The Kingdom of Saudi Arabia spoke to the trade at WTM London to announce it is ready to welcome international tourists. Saudi Tourism Authority CEO Fahd Hamidaddin told a packed audience at the WTM Global Stage: “Our ambitions are high. We are seeing far.”
He said the destination is aiming to achieve 100 million visits by the end of 2030.
In a session entitled ‘Saudi Arabia: A Destination of the Future – Putting Sustainability First’, Hamidaddin issued a challenge to other destinations, saying: “We are trying to build a leading destination framed with sustainability. Everybody talks about sustainability. Very few actually do something about it.”
He also called for a ‘Tourism 20’ – style delegation of world leaders, similar to the G20, which was hosted by Saudi Arabia in 2020.
Hamidaddin said: “At the G20, it was very clear tourism was missing in the room. There’s no Tourism 20.”
Underlining the country’s commitment to sustainability, Amr AlMadani, CEO of The Royal Commission for AlUla, one of the oldest cities in the Arabian Peninsula and home to the UNESCO World Heritage Site of Hegra, said: “Going green for us and being sustainable is not a choice, it’s the way forward.”
John Pagrano, CEO of The Red Sea Development Authority, a tourism project on an archipelago of more than 90 islands, which will open its first resort of 16 hotels and 3,000 rooms next year, proclaimed: “Saudi Arabia is taking very bold steps. We are going to be the largest tourism destination in the world, powered 100 per cent by renewable energy,” he said, inviting other tourism companies to follow this lead.
“The tech exists. All that’s lacking is the will. Let’s restore nature,” he said.
“Saudi Arabia’s Crown Prince Mohammed bin Salman has been instrumental in helping shape the plan for the sustainable tourism destination the country wants to be,” said Jerry Inzerillo, CEO of Diriyah Gate Development Authority, a $20 billion tourism project that will showcase the country’s history through a mix of heritage, hospitality, education, retail and dining experiences.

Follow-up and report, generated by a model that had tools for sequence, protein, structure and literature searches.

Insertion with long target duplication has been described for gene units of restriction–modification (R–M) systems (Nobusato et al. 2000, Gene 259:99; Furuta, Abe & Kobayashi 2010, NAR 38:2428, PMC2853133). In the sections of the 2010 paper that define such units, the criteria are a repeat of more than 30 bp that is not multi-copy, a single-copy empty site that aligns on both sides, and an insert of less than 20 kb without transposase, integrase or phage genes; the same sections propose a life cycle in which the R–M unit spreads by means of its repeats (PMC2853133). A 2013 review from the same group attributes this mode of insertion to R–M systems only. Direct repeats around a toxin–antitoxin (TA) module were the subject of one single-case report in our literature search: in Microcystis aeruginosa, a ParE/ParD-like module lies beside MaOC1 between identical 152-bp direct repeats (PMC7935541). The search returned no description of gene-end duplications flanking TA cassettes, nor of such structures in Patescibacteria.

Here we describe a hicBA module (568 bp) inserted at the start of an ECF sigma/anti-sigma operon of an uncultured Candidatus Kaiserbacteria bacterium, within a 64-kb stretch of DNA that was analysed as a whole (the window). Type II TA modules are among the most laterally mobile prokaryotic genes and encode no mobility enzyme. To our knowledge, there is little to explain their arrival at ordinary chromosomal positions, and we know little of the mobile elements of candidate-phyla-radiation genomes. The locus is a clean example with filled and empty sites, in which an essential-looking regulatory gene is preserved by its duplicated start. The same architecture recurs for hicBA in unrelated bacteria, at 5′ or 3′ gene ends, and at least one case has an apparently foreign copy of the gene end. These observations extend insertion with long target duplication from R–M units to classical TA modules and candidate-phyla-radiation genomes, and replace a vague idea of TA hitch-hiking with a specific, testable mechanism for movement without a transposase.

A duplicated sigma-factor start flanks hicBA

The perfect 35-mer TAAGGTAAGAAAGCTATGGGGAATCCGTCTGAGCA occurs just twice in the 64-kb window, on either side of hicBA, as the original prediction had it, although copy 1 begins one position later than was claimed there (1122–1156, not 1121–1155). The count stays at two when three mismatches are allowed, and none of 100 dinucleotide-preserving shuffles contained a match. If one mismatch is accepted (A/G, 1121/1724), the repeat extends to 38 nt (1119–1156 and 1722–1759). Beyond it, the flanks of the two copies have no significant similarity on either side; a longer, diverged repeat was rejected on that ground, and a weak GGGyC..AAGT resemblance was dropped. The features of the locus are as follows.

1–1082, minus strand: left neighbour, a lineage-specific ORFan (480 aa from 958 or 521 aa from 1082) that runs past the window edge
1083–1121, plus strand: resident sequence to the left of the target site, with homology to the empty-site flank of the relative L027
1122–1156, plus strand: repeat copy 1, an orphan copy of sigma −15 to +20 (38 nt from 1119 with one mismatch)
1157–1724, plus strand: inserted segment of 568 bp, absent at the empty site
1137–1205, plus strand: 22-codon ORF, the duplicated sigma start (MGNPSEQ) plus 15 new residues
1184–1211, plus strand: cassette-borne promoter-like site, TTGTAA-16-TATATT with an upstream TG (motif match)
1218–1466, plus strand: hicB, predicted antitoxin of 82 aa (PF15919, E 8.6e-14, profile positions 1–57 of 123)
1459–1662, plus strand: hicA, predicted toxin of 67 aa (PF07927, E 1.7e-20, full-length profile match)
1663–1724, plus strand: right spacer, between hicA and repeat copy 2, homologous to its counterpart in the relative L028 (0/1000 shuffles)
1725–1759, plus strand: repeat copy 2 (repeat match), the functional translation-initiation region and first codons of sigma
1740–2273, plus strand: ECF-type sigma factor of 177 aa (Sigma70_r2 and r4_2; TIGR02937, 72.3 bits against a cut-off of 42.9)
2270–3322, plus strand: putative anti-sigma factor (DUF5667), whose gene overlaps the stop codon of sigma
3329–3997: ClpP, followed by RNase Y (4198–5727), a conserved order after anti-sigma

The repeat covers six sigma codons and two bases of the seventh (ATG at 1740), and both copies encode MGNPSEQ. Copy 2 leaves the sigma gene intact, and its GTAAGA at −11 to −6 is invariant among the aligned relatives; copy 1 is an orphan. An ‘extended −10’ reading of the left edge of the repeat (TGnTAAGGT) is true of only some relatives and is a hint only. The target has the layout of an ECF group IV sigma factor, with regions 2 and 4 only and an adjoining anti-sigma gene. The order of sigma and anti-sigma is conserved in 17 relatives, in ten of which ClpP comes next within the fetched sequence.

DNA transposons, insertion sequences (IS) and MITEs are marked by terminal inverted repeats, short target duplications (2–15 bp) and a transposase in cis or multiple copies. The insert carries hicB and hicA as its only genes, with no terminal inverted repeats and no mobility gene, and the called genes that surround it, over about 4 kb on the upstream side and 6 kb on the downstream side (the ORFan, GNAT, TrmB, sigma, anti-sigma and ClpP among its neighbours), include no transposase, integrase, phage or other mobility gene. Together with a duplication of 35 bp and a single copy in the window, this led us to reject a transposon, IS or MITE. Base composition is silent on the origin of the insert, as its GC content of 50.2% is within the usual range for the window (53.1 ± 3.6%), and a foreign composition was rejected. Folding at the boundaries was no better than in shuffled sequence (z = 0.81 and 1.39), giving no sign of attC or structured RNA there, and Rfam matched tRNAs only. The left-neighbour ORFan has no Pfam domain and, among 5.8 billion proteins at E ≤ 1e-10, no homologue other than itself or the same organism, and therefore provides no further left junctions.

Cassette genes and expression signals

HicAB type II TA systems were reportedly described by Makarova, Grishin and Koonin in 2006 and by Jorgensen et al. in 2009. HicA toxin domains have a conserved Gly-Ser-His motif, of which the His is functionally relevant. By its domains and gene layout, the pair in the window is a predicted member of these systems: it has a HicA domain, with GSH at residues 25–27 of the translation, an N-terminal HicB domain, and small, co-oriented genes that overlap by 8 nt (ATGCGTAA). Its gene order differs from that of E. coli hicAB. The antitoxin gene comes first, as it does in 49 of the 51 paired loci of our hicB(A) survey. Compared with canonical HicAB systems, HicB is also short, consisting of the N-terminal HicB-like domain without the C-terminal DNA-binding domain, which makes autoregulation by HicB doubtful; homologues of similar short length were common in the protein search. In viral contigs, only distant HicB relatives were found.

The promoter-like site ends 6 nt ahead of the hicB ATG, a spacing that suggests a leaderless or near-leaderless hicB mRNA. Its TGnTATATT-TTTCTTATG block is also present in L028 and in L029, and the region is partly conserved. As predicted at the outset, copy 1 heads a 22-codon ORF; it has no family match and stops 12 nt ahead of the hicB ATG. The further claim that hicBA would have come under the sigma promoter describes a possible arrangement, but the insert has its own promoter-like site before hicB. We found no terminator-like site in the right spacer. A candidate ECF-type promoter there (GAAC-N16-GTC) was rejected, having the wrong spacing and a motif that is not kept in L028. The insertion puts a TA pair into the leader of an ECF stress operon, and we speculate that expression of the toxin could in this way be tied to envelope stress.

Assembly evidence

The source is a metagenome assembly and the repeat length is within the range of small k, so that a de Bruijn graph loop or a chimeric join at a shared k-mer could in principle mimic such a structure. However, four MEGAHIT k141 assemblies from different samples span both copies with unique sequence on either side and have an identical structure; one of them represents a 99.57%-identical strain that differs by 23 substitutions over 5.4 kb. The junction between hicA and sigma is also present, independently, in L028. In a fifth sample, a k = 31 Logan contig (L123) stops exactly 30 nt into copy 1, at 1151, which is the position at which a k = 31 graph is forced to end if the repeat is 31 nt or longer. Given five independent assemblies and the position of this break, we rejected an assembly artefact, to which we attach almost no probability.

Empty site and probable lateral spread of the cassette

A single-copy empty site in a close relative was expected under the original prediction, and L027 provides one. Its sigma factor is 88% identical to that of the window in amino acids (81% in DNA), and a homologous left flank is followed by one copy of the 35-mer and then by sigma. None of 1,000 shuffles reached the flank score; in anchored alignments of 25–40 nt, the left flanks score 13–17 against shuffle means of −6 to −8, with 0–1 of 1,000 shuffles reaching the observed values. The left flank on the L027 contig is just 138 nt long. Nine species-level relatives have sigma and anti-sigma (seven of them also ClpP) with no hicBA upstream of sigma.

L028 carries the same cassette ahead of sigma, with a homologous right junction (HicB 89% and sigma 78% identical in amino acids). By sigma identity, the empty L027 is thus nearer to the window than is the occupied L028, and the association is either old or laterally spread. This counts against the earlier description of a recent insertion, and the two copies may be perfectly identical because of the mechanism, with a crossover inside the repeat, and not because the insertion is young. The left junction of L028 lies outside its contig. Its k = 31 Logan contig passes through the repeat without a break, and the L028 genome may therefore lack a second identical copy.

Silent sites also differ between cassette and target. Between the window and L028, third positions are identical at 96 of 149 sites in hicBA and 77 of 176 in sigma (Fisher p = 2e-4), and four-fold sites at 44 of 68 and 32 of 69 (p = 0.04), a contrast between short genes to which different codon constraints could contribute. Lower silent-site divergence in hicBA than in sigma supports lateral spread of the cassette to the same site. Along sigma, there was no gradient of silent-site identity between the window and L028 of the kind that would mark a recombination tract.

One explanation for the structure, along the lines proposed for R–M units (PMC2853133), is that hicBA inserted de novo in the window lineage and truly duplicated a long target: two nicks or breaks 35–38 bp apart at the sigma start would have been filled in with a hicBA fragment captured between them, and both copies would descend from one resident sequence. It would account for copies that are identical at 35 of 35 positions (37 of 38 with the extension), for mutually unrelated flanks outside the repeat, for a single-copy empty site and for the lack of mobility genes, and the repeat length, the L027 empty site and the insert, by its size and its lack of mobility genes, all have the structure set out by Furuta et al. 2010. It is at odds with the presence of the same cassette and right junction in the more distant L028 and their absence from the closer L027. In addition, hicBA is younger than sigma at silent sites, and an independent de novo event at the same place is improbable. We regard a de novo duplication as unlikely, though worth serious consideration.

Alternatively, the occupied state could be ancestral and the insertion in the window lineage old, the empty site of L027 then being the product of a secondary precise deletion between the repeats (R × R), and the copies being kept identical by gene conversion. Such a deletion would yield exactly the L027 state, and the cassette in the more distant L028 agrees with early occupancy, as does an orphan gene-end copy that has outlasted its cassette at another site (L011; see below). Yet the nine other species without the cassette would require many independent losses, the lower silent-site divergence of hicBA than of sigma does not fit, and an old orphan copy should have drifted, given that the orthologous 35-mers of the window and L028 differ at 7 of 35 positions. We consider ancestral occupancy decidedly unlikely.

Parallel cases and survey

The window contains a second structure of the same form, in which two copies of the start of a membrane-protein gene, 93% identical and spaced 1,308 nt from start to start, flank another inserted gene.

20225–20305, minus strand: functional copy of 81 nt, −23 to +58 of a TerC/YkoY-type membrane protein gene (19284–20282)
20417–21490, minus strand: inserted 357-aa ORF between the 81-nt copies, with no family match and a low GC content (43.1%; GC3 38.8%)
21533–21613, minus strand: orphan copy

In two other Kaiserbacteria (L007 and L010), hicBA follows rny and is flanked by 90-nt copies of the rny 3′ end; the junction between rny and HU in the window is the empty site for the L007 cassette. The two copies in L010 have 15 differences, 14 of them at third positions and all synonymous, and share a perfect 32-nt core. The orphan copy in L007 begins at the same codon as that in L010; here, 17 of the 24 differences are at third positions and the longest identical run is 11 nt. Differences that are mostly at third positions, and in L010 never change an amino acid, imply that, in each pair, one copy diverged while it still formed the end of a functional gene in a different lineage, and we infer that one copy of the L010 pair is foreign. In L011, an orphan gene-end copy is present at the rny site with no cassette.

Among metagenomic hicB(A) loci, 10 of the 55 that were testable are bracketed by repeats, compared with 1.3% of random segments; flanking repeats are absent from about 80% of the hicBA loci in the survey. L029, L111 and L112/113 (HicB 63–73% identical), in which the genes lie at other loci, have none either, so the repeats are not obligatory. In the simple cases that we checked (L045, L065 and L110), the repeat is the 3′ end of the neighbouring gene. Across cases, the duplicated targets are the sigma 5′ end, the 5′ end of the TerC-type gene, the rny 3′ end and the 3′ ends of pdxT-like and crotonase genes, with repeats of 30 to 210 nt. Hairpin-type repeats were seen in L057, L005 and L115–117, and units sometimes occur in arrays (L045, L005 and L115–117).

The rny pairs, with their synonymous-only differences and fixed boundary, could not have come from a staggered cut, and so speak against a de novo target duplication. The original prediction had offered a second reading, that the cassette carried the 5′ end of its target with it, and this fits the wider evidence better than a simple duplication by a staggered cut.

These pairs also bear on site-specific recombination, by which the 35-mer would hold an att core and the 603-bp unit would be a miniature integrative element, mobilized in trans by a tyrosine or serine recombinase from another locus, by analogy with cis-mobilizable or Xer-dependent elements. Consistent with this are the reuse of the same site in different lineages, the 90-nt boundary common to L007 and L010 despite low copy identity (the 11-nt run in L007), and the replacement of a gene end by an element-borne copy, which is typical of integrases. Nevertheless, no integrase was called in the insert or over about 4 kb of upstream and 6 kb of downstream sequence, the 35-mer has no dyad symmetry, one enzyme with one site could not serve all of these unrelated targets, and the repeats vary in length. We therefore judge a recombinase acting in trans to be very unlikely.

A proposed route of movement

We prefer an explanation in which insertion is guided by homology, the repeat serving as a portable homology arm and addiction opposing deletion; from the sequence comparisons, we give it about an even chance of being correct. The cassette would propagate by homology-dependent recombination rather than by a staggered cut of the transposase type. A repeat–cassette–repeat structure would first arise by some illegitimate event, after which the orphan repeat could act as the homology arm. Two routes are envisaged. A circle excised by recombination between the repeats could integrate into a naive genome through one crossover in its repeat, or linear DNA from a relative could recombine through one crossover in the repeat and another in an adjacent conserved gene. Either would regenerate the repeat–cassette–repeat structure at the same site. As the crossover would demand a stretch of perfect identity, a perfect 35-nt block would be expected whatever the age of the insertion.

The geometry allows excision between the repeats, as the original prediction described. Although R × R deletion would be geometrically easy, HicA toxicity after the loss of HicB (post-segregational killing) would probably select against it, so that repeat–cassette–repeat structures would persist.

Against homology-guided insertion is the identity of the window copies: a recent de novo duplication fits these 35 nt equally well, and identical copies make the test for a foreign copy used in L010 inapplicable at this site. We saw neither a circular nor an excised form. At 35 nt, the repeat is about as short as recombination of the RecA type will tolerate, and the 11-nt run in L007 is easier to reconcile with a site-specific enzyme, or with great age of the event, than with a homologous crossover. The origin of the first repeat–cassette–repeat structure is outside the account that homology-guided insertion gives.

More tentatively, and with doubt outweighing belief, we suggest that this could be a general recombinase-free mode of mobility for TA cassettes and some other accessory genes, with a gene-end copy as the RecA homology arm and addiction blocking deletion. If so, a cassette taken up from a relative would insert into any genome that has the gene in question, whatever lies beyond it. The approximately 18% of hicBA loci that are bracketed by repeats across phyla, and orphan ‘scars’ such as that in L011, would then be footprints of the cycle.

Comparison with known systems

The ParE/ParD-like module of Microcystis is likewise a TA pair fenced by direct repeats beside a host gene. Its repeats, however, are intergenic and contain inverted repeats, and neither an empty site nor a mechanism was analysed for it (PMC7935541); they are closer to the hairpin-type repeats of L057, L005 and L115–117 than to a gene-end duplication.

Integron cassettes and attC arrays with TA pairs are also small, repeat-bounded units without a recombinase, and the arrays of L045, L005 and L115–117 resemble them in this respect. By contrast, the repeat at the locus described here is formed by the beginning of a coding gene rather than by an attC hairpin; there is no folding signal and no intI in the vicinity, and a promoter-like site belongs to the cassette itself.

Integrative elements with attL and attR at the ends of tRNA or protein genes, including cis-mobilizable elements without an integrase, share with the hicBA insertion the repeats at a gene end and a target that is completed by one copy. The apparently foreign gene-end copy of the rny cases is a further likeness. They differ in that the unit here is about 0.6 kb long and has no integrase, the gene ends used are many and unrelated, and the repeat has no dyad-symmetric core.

It is expected to have a population of more than 100,000 and attract 25 million visitors a year.
Inzerillo said the Crown Prince’s approach was to seek the best Saudi talent and match it with international talent.
While Saudi Arabia is a relatively unknown destination compared to other parts of the world, Hamidaddin said visitors would be impressed with what they found. He explained that 70 per cent of the population is below the age of 35 and women play an important part in shaping the Saudi Arabia of the future.
A key market for Saudi Arabia is the growing cruise sector and Fawaz Farooqui, Managing Director of Cruise Saudi, said the region is proving to be very interesting for cruise lines that are always looking for new ports of call.
During a session entitled ‘Expanding the Saudi Tourism Ecosystem’, Farooqui said Saudi Arabia is uniquely positioned on the Red Sea and Arabian Gulf.
“The Red Sea and Arabian Gulf are very attractive for cruise lines, which are always looking for new destinations.”
There are currently four cruise ports in the country, with plans to increase the number to six by 2025.
European passengers, including Italian, British, French and German, are just starting to experience the destination and Farooqui said he has had “huge interest” from operators in South Africa, Australia and Canada during WTM London.
“I’ve seen a lot of interest during WTM. I want Saudi Arabia to be on the list of every cruise passenger,” he added.
Husameddin AlMadini, CEO of Soudau Development Company, a new entity that will lead the development of a mountain destination in the Asir region, said he plans to speak to tour operators and hospitality operators from around the world.
He said: “The international market is such an important segment.”